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Even planetary bodies can be observed in 'opposition'

At first sight, the animation seems unremarkable. The 26-kilometre-long body can be seen from different angles, so that the moon first becomes lighter and then darker again. For scientists, however, such images acquired at different phase angles (as the angle between the Sun, the object, and the observer is known, see Image) are of particular interest. Because of the different shadows that are cast and the varying amounts of reflected sunlight at different angles, it is possible to draw valuable conclusions about the surface material properties, particularly its roughness and porosity.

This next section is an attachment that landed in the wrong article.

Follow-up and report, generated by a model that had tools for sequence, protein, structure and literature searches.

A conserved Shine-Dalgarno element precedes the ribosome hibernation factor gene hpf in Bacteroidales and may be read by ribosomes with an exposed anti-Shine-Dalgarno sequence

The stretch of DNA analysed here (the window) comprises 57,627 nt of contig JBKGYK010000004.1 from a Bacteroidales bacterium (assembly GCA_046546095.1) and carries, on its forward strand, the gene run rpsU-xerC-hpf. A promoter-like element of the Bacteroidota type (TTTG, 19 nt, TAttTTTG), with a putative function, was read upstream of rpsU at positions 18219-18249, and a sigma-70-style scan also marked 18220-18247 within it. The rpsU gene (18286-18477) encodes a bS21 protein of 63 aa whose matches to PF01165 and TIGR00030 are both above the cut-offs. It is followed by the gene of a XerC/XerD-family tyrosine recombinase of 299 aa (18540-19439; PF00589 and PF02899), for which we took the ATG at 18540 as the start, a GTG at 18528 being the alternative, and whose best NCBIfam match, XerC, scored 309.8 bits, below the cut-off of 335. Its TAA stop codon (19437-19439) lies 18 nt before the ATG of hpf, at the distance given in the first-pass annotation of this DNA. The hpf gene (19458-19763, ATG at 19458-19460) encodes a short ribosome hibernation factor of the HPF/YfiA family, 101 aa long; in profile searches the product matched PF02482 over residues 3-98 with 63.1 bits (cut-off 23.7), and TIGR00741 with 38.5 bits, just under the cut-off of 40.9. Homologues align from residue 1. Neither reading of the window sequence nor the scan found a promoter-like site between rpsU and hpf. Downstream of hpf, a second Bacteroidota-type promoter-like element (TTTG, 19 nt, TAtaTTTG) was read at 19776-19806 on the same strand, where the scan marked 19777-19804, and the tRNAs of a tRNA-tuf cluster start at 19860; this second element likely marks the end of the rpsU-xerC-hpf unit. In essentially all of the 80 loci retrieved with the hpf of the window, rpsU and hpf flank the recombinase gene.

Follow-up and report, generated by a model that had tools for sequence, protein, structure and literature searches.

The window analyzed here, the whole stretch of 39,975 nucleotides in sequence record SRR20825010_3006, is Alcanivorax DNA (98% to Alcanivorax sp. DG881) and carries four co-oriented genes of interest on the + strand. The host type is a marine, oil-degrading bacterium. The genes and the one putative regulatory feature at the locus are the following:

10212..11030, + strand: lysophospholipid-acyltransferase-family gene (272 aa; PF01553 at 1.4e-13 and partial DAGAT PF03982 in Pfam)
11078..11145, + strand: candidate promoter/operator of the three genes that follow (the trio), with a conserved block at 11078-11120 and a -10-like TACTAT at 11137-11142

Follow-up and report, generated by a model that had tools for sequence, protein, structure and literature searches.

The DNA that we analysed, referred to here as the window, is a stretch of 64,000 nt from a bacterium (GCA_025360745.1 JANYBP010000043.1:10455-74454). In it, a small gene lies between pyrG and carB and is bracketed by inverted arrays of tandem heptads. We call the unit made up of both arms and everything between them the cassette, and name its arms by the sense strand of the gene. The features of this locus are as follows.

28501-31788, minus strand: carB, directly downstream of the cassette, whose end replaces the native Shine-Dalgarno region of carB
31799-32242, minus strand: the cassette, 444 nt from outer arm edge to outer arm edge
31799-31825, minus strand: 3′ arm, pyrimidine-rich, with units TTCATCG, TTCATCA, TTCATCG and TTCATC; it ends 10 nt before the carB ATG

Of particular interest is observation at a phase angle of exactly zero degrees; that is, when the Sun is directly behind the observer (Part B of Image). At this point, the Sun shines vertically on to the surface and all shadows disappear. This leads to an increased surface brightness at the centre of the image. If, for example, the observer’s shadow is captured in the image, a kind of halo around is created around it in the centre of the image. As this only occurs if the Sun, as the light source, is exactly in opposition to the imaged object, this phenomenon is referred to as the opposition effect. This can even be observed from Earth to some extent during a full moon, as not only is a large area of the Moon illuminated, but the Sun, Earth and Moon are in a relatively straight line (that is, in opposition), thus creating no visible shadows on the Moon’s surface. This is why a full moon appears up to 10 times brighter than a half moon. Many people may already have noticed that when looking down at the ground from an aircraft, a light halo can be observed around the shadow of the aircraft. Other well-known examples include photographs taken on the surface of the Moon. When the Apollo astronauts taking the photographs had the Sun directly behind them, a halo would appear around the shadow of their head. All of these phenomena are due to the opposition effect. Conclusions about the nature of the surface material can be derived from the strength of this effect.